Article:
Holmwood House can be found just over three miles south of central Glasgow and a little south of what was, at the time, the village of Cathcart. It was built in 1857-8 at a cost of £3,600 for the businessman James Couper. James and his brother Robert ran the Millholm Paper Mill, which was located on the nearby banks of the White Cart Water, and both James and Robert had houses built close to the mill.
So far, this is a pretty unexceptional story of Glasgow in the 1800s. Robert Couper's house, Sunnyside, was built first, and until it was demolished at the end of the 1960s, this fairly ordinary Gothic villa stood a little to the east of Holmwood House. James Couper, however, wanted something a little more unusual. As a result he commissioned, arguably, Glasgow's second most famous architect, Alexander "Greek" Thomson, to design a unique villa for him. What emerged is usually regarded as Thomson's finest domestic building: and as a result Holmwood House has become a shrine to architecture, and to Alexander Thomson's architecture in particular, and attracts visitors from every corner of the globe.
Alexander Thomson was born in 1817. At the age of 12 he was working in a lawyer's office, and at the age of 17 he was taken on as an apprentice by the architect Robert Foote. Alexander became fascinated by exotic architectural designs and motifs, especially from Classical Greece, Egypt, Assyria and India. Although he never travelled to the lands from which he was to draw his inspiration, Alexander "Greek" Thomson's unique style was received with enthusiasm by enough patrons in the dynamic Glasgow of the mid-1800s to keep him in very lucrative employment.
Thomson went on to become a founder member of both the Glasgow Architectural Society and the Glasgow Institute of Architects, and he proved highly influential in helping shape the Glasgow that blossomed in the 1800s. He also exercised a considerable influence over those who followed him. After his death in 1875, the Alexander Thompson Travelling Studentship was established in his memory. The second winner of the studentship was the man who was to eclipse Thomson and become Glasgow's most famous architect, Charles Rennie Mackintosh.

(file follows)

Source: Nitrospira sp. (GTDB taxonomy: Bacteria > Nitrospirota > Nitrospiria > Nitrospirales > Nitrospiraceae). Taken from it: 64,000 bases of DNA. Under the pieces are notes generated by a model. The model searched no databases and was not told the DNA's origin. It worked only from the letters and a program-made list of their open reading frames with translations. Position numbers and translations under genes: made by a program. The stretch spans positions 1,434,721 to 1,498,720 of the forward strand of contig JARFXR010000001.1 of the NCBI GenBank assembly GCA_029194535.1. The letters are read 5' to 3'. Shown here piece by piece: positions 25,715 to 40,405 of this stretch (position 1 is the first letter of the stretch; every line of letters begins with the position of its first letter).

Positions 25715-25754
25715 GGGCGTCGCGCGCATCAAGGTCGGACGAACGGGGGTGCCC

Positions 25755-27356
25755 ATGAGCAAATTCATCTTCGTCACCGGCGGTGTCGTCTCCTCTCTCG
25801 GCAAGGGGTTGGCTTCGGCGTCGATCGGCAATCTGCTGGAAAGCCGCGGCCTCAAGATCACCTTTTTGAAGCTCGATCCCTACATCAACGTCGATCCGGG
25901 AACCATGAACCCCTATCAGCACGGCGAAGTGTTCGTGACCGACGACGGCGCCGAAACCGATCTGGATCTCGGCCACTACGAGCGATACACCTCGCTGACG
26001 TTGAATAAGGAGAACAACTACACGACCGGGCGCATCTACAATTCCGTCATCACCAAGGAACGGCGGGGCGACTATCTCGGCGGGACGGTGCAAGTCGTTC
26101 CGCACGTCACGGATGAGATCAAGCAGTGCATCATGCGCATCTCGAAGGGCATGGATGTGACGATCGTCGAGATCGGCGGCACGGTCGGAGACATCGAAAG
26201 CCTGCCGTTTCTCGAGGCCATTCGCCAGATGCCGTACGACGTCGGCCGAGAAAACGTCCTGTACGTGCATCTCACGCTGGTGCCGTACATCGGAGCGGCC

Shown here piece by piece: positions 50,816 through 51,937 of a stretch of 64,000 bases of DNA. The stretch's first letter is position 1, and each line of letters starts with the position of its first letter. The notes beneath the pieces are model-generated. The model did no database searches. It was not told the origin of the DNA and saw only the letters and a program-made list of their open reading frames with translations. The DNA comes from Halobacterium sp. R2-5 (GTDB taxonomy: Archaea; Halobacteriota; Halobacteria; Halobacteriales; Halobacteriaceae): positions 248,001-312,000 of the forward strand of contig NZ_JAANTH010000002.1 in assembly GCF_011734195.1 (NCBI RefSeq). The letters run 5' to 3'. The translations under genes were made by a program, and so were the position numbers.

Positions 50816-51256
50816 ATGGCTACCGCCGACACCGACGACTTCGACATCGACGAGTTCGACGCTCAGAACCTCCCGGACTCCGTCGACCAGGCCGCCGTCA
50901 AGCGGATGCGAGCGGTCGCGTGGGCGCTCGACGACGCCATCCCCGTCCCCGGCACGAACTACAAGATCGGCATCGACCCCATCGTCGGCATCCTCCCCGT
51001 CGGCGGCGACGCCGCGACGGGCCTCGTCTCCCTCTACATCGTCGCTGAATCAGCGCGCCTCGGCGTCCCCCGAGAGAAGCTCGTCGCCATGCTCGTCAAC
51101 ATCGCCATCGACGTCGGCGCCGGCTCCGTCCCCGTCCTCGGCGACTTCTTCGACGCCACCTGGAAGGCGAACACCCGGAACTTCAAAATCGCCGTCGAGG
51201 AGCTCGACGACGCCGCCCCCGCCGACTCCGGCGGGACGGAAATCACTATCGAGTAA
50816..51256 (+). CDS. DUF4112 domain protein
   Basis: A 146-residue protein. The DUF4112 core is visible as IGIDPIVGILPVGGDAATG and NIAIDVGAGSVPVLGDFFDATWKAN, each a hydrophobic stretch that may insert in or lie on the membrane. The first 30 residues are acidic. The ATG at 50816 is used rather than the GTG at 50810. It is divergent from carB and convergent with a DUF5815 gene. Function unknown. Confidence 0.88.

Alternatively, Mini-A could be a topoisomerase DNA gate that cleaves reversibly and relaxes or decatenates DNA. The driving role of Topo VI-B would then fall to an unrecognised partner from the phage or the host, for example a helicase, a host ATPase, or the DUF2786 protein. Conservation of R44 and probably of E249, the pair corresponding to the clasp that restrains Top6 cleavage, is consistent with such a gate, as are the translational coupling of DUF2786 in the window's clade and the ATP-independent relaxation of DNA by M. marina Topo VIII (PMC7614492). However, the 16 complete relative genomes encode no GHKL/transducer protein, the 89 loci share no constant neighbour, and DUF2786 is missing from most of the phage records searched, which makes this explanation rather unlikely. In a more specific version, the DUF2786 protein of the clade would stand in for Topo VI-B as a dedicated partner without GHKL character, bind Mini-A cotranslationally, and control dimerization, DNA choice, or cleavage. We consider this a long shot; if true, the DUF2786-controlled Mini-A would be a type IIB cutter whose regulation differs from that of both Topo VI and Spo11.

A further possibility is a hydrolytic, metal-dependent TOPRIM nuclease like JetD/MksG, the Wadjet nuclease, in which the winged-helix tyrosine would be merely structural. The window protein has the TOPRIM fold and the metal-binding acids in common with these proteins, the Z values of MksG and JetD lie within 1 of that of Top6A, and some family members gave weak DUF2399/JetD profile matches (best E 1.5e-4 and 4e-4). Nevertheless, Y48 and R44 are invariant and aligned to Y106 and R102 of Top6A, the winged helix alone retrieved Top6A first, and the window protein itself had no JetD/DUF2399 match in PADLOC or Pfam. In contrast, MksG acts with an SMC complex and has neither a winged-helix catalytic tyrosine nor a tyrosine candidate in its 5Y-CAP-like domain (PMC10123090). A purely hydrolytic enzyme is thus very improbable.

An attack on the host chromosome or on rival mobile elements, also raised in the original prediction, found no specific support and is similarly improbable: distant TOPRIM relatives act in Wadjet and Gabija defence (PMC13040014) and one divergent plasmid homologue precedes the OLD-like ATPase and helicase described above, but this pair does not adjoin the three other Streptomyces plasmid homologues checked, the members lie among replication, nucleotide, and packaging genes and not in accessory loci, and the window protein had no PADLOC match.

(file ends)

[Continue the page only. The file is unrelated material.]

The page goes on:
Many of Thomson's buildings were demolished during Glasgow's era of "improvement" from the 1950s to the 1970s, but others do survive. Few survive as completely, however, as Holmwood House. And few reveal so tellingly the aspect of Thomson's work that set him apart from many of his contemporaries, yet placed him in a direct line of Scottish architects that ran from Robert Adam to Charles Rennie Mackintosh: all three were as interested in internal detail and decor as they were in the exterior of their buildings.
James Couper died in 1877, and his second wife Catherine lived at Holmwood until her death in November 1908. In 1909 it was purchased by Mrs Anne Simpson, the widow of a Glasgow merchant, who lived here until 1916. Holmwood was owned by the Stenhouse family from 1916 to 1919, and it was then purchased by James Gray, a businessman and local politician who welcomed Lloyd George to the house in 1928. Another notable Glasgow businessman and local politician, Thomas Patterson, purchased the house in 1931, and the Pattersons lived here until 1953.
Holmwood was then owned for five years by the McElhone family, before being purchased by The Sisters of Our Lady of the Mission in 1958 and used in support of a primary school they established behind the house in an area now occupied by the car park. After the school moved to new premises in 1992, the Sisters continued to live and work at Holmwood until 1994, when they granted a developer an option over the property. Had it not been for the consistent refusal of Glasgow City Council to grant planning permission, the developer would have built 93 flats and houses in the grounds of Holmwood House. But that was prevented, and as a result the National Trust for Scotland, with the support of a wide range of other bodies, was able to purchase the house. After restoring it as far as possible to its original 1858 appearance, the NTS opened Holmwood House to the public in 1998.
Visitors to Holmwood House today probably benefit from the experience in direct proportion to the extent to which they are interested in the life and work of Alexander "Greek" Thomson. What they find at first glance seems from the outside to be a surprisingly modern-looking house, quite modest in scale, and heavily adorned to a staggeringly detailed level.
The interior of the house is every bit as deeply adorned as the exterior, but the feel is of somewhere considerably older than the outside leads you to expect. There are two main rooms on the ground floor. The parlour houses a remarkable bay window that seems to connect the house to the surrounding garden. The dining room is in many ways the most ornate room in the house, and the NTS has been systematically restoring it to its original grand design. The first floor drawing room is an amazingly light room, with nearly floor to ceiling windows occupying more than one whole wall, and large mirrors placed on the other three walls. This, and the dining room, would have been the key venues within the house for "corporate entertainment" during the period when Holmwood was owned by a succession of notable Glasgow businessmen.